Why the workplace of the future needs the cloud With Marco van der Brugge, Business and IT Analyst at Oxfam International 

As workers become more mobile and global, gaining access to information needs to be quick and simple. Getting work done in the field or at affiliate office branches shouldn't be challenging — and offices of the future simply can't afford this inefficiency.


But how do you realize this standard when you're working with offices worldwide, all using different tools? That's exactly what Marco van der Brugge, Business and IT Analyst at Oxfam International, is trying to solve. 

As he develops a uniform workplace environment where the Oxfam staff in 100-plus countries can work together, Marco is bringing his organization one step closer to having access to anything, anywhere.


"Our focus was that it doesn't matter where you go, you have access to your stuff everywhere," van der Brugge explains. "Say you're coming from the UK traveling to South Sudan, you can just get to work without remotely connecting and setting up anything."

Why the workplace of the future needs the cloud

A standard model office in the cloud

At this year's Box Hack for Good — an event that brings nonprofits together to launch a project from the ground up in 24 hours — van der Brugge and other ImpactCloud leaders utilized cloud-based tech to create a standardized field assessment tool that aims to speed up disaster relief efforts.


After the hackathon, Bryan Breckenridge, Executive Director of Box.org, sat down with van der Brugge to ask him about his 'model office' vision and how Oxfam uses technology in the fight to alleviate global poverty.


Q: Thousands of Oxfam employees and volunteers are doing important work enabled by technology in some manner. How does technology show up?


We've been trying to design the first standard model office. So, everybody has the same network environment, tools and content and can get to work without remotely connecting or setting up anything. A couple years back, this would've been impossible. Now, it's effective and makes work much quicker than before. 


Q: Now there's a digital place to work, access their content and collaborate. What about the future of work for an Oxfam worker in 10 or 15 years?


Our focus for the future — at least for Oxfam Netherlands — is that nothing will be in the office anymore. It's all in the cloud. We don't want to host or have much stuff on-premise, and if it's all in the cloud you can access your information anywhere. So you just plug into the net and get to work.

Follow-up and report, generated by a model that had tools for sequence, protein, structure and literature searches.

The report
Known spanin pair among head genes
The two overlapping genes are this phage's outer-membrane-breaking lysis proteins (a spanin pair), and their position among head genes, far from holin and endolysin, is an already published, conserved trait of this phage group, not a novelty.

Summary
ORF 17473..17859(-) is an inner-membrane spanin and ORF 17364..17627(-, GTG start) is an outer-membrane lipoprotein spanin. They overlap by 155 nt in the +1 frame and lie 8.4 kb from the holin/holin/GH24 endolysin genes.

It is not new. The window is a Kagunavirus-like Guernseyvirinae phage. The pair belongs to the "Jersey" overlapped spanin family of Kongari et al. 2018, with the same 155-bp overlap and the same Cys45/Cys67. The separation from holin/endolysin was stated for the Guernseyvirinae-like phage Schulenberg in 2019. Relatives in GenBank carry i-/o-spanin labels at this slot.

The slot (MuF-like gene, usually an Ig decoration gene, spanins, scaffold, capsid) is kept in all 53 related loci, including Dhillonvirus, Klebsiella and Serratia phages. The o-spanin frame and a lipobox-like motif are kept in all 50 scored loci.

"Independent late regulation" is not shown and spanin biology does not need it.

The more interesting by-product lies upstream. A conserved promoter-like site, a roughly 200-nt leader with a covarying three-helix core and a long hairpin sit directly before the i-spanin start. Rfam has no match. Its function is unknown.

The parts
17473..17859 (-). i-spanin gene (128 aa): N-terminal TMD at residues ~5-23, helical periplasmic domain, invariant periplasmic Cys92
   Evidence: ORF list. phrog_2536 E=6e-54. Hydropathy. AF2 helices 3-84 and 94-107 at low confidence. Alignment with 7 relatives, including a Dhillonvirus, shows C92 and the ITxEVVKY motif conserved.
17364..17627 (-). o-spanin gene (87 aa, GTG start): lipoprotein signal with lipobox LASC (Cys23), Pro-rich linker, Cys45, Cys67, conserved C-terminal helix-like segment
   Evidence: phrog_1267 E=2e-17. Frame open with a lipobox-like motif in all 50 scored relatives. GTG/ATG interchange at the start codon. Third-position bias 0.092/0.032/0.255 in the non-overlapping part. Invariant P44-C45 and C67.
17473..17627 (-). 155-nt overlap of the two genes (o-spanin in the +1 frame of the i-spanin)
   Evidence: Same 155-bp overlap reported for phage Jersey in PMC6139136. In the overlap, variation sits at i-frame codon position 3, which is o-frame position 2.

"Nothing will be in the office anymore. It's all in the cloud, and you can access your information anywhere. Just plug in and get to work."
— Marco van der Brugge


The need for speed in crisis response 

Q: What kind of impact does the ability to do quicker work have? What results does that bring?


Emergency response is all about speed. You need to be speedy, you need to have information available really quickly. People shouldn't have to stop and think, "Where do I get my information, how do I connect to my affiliate's environment?" 


Q: So if tech is used better and more nimbly and autonomously by Oxfam workers, what can they do more of? Why is that important in their world, even in the future?


It's definitely a speed thing. For example, we have a lot of people traveling, so they are at airports, at programs in countries and out in the field, at home, wherever. They need to have access, online or offline. People should be able to do their work wherever they are, regardless of systems. It's just available in the cloud and less is managed by Oxfam personnel itself. 


Q: And that allows for the planning, the execution, the assessment of programs that are alleviating poverty to be more scalable and in a more efficient way?


Yes, absolutely. And it's tools like the ones we created during the hackathon — FACT, or the Field Assessment Content Tool. By having access to important content and relevant data easily, it speeds up the process for first assessments in-field when an emergency response is needed. That's such a big impact, especially when people are putting their lives at stake.

"You see how big that impact is, how people in the field get data, share data. It's motivating having a direct impact on making people's lives better."
— Marco van der Brugge


Why the workplace of the future needs the cloud

The blueprint for building a modern workplace

  1. Standardization is key: with a familiar network environment, tools and content setup, anyone can get to work immediately.
  2. Everything is in the cloud: when everything is stored in one central location — instead of siloed servers — access is open to anyone, anywhere, anytime.
  3. Speed makes the difference: the faster a worker can connect and get up and running, the more efficient and effective they will be doing their actual work.


About Marco van der Brugge

Based in the Netherlands, Marco van der Brugge is a Business and IT Analyst for Oxfam International. By utilizing cloud-based technology as a powerful ally in their work, he hopes Oxfam workers can truly be productive anywhere and fully focus on their mission.


Oxfam International is a global movement of people working together to end the injustice of poverty. With groups in more than 90 countries, Oxfam takes on the big issues that keep people poor: inequality, discrimination, and unequal access to resources including food, water and land. 

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